Charlotte-Mecklenburg Schools leadership presented three plans for reopening schools at a special meeting Wednesday. With less than six weeks from the Aug. 17 start date, and without a final decision from Gov. Roy Cooper, district leaders reviewed options that addressed Covid-19 conditions at the start of the 2020-2021 school year.

School board members will vote to approve a plan after Cooper announces the statewide recommendation, which he says will happen within the next few weeks. Cooper was expected to provide direction for district leaders earlier this week but delayed the announcement. 

The reopening plan will depend on whether North Carolina is meeting key public health metrics. Students and staff will return in person full-time with minimal social distancing if Covid-19 metrics stabilize or trend in a positive direction (Plan A). If metrics worsen, schools will operate at 50% capacity with moderate social distancing requirements (Plan B). Schools will move forward with virtual learning full-time if metrics worsen significantly (Plan C).

During Wednesday’s virtual meeting, CMS Deputy Superintendent of Academics Matthew Hayes noted that the district’s final plans can’t be less restrictive than ones established by state health and education officials.

Complex planning

Currently, school officials are leaning toward the 50% capacity model — a complex hybrid plan combining in-person and remote instruction while maintaining student and staff health and safety. Under this plan:

  • Pre-K through eighth-grade students split into three groups assigned by school principals. Students follow an A, B, C week schedule, rotating between a week of in-person instruction and two weeks of remote learning.
  • Students in grades 9-11 — also following an A, B, C schedule — return to classrooms Monday through Thursday during their assigned week and participate in remote learning on Fridays.
  • High school seniors follow a fully remote schedule, except on Fridays when they attend in-person to also focus on college and career activities.

Carol Stamper, deputy superintendent of operations, explained that students within the same household will be assigned to the same rotation schedule. 

An alternative allows parents to select a fully remote-learning option for K-8 students if they’re concerned about sending students to school during the pandemic. The program would operate as a “school within a school,” keeping the students assigned to their current school. 

Charlotte-Mecklenburg Board of Education chair Elyse Dashew said, “We are confident that these plans give CMS the opportunity to educate all our students while protecting their health, and after the governor issues his statewide recommendation, our decision to implement the chosen plan is one for which we are well-informed.”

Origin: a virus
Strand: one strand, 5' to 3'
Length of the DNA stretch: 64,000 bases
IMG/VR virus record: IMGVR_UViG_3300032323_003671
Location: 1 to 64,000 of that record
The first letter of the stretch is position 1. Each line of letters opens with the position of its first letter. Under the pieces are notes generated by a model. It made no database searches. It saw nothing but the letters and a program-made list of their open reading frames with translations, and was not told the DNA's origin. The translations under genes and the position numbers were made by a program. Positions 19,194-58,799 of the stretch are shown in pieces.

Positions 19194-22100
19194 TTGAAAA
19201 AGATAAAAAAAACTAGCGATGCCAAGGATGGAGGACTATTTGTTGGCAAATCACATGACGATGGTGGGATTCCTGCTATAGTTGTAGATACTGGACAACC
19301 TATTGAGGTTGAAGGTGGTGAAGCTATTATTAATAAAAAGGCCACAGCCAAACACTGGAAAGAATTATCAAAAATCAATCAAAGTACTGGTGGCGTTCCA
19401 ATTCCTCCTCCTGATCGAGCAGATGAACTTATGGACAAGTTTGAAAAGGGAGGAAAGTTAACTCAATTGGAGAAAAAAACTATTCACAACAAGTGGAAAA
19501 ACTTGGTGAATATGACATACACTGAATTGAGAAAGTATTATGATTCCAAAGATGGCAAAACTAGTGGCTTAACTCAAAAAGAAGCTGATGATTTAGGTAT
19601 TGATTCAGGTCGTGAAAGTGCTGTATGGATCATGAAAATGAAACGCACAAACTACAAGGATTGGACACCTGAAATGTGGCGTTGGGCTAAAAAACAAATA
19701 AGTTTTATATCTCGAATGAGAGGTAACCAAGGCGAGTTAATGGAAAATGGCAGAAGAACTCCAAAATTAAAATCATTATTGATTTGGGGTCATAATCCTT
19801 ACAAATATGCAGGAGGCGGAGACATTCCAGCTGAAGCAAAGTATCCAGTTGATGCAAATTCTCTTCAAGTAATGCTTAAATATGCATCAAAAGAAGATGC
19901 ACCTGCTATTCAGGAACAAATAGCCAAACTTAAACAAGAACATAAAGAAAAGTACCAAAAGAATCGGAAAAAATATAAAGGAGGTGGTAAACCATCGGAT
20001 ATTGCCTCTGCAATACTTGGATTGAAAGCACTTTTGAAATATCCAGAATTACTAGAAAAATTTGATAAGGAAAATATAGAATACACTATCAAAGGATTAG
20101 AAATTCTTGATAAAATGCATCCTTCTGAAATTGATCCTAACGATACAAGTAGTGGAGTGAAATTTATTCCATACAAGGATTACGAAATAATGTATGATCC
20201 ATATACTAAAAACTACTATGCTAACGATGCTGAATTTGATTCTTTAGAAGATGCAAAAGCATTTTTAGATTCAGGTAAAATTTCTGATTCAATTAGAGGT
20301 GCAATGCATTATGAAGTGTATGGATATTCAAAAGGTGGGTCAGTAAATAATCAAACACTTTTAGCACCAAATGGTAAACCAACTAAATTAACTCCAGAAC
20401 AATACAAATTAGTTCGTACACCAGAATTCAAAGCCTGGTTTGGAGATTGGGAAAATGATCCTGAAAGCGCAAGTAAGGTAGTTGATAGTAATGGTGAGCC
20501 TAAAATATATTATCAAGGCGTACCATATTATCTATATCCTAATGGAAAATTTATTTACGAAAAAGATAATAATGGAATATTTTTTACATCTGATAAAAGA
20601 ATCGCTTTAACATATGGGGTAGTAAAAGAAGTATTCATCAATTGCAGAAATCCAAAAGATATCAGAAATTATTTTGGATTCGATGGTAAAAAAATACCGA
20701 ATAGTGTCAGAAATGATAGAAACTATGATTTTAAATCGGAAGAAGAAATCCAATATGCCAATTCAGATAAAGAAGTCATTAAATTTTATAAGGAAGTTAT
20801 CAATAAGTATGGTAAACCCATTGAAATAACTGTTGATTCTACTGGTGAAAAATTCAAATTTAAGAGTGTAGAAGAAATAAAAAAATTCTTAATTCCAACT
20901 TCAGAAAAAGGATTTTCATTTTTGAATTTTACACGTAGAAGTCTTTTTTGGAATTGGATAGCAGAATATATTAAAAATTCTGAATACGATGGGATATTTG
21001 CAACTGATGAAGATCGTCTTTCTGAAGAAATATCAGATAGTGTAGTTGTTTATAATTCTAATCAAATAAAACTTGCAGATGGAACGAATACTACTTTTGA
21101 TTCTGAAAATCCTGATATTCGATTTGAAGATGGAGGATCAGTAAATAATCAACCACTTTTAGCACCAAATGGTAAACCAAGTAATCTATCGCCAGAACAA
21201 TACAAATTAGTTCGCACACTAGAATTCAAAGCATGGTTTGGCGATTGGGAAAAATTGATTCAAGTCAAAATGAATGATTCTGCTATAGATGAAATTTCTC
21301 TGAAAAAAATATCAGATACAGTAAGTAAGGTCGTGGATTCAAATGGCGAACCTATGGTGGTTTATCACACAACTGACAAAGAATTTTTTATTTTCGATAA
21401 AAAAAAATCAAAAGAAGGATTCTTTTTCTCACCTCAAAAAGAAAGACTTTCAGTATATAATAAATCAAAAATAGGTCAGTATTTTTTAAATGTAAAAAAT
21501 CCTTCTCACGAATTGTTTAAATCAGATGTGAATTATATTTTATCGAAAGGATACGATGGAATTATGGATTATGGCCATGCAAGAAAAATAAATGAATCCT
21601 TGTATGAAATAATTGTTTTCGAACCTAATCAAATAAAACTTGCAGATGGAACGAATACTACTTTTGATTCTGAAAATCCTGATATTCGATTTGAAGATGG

Monitoring health and safety

The number of students who ride school buses reduces from a maximum of 72 students to 24; only one student would be allowed per seat to keep apart the recommended six-foot distance. Parents must attest that their students are healthy before boarding the bus. Before entering any school facilities, students, staff and visitors will undergo symptom and temperature screenings. 

Administrators said they have to figure out the staffing challenges to accommodate physical distancing. For example, a typical Kindergarten classroom required one teacher for every 20 students. Under new safety guidelines, classroom capacity is reduced to 12 students, therefore, 20 students must split between two classrooms and need two teachers to properly adhere to distancing requirements. It also creates difficulties to staff in-person and virtual classrooms simultaneously.

The state will supply two months of equipment and personal protective equipment for screeners, including thermometers, gowns, face shields, gloves and surgical masks. Additionally, CMS has purchased two cloth face coverings for each employee. CMS Superintendent Earnest Winston says the district is strongly considering buying masks for students who may not be able to get them on their own. Masks are required for middle-school and high-school students but only encouraged for elementary students. 

“We are committed to helping all students learn and succeed during this pandemic and beyond,” Winston said. “Our first priority is to provide a robust educational experience for our students and a safe environment for all.”

Read More

Katrina covers Charlotte's Black business scene for QCity Metro. She's a Miami transplant, pescatarian and lover of the arts. She earned a public relations degree from the University of Florida. Got a...

Leave a comment

Your email address will not be published. Required fields are marked *